A loading dose is one dose or a series of doses given at the onset of therapy with the aim of achieving the target concentration rapidly. The appropriate magnitude for the loading dose is:
A loading dose may be desirable if the time required to attain steady state (and efficacy) by the administration of drug at a constant rate (four half-lives) is long relative to the demands of the condition being treated as is the case with the treatment of arrhythmias or cardiac failure.
The use of a loading dose also has significant disadvantages. The patient may be exposed abruptly to a toxic concentration of a drug that may take a long time to fall (i.e., long ty2). Loading doses tend to be large, and they are often given parenterally and rapidly; this can be particularly dangerous if toxic effects occur as a result of actions of the drug at sites that are in rapid equilibrium with the high concentration in plasma. It is therefore usually advisable to divide the loading dose into a number of smaller fractional doses administered over time, or to administer the loading dose as a continuous intravenous infusion over a period of time using computerized infusion pumps.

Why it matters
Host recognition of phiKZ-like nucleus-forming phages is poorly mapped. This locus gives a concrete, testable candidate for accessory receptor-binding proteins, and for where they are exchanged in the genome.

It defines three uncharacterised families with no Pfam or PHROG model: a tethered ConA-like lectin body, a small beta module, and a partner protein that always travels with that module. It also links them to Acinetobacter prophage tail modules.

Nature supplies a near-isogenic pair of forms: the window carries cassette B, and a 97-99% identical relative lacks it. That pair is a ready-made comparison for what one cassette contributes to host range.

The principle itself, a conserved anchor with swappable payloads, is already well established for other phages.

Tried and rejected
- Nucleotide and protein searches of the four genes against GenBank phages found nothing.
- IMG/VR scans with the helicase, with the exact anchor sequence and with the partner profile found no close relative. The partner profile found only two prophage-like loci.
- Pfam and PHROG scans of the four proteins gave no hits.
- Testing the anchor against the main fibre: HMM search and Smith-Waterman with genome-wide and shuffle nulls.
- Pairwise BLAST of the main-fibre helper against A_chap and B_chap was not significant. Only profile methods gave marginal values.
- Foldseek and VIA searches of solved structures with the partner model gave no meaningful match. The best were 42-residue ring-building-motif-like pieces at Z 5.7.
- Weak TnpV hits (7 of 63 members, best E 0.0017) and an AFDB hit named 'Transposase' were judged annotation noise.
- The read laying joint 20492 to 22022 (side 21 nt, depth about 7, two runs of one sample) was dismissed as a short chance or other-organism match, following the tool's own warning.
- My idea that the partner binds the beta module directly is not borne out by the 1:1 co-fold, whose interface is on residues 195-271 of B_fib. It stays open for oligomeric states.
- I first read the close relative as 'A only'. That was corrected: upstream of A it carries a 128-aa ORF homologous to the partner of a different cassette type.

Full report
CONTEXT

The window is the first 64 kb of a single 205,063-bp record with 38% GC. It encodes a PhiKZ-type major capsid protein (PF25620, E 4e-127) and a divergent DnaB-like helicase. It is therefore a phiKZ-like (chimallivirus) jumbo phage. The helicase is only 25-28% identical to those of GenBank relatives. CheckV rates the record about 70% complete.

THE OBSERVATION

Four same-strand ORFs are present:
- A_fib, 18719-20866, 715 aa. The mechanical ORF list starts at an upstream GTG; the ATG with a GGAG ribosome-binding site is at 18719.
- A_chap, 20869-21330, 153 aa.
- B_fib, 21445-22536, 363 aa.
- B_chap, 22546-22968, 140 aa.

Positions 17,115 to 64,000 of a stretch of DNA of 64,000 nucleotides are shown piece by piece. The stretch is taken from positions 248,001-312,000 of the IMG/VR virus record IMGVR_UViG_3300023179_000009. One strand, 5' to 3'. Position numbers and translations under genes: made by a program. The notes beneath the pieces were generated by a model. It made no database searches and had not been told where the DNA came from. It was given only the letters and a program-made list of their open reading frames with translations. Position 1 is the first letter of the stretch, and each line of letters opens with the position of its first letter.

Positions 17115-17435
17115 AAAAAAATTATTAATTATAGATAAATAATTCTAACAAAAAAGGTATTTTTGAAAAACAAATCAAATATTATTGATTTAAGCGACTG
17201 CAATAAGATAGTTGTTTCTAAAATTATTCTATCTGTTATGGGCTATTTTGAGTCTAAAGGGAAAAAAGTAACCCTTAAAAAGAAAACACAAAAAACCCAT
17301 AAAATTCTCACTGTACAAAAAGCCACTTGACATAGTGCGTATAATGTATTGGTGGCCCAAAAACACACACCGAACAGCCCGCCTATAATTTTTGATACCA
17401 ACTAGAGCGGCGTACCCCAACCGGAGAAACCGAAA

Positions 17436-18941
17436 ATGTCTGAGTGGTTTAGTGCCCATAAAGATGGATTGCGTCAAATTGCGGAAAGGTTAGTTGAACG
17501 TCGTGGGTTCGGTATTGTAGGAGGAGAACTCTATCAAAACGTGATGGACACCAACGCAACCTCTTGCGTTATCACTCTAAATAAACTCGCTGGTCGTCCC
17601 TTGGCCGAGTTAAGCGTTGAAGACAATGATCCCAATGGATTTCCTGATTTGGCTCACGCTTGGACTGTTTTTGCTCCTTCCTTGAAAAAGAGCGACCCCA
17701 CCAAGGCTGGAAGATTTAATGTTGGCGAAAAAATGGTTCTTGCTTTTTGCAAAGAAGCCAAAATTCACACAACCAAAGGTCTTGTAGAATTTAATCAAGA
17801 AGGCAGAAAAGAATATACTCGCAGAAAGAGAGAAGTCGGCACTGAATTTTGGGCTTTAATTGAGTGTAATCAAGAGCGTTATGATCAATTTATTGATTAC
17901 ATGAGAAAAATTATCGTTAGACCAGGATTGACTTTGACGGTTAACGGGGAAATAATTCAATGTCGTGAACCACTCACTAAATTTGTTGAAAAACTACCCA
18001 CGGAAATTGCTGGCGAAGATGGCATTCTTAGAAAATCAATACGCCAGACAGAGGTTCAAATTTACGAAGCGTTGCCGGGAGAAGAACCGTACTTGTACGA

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Diabetes is a disease that affects the way your body uses food. Normally, your body converts sugars, starches and other foods into a form of sugar called glucose. Your body uses glucose for fuel. The cells receive the glucose through the bloodstream. They then use insulin a hormone made by the pancreas to absorb the glucose, convert it into energy, and either use it or store it for later use. Learn more...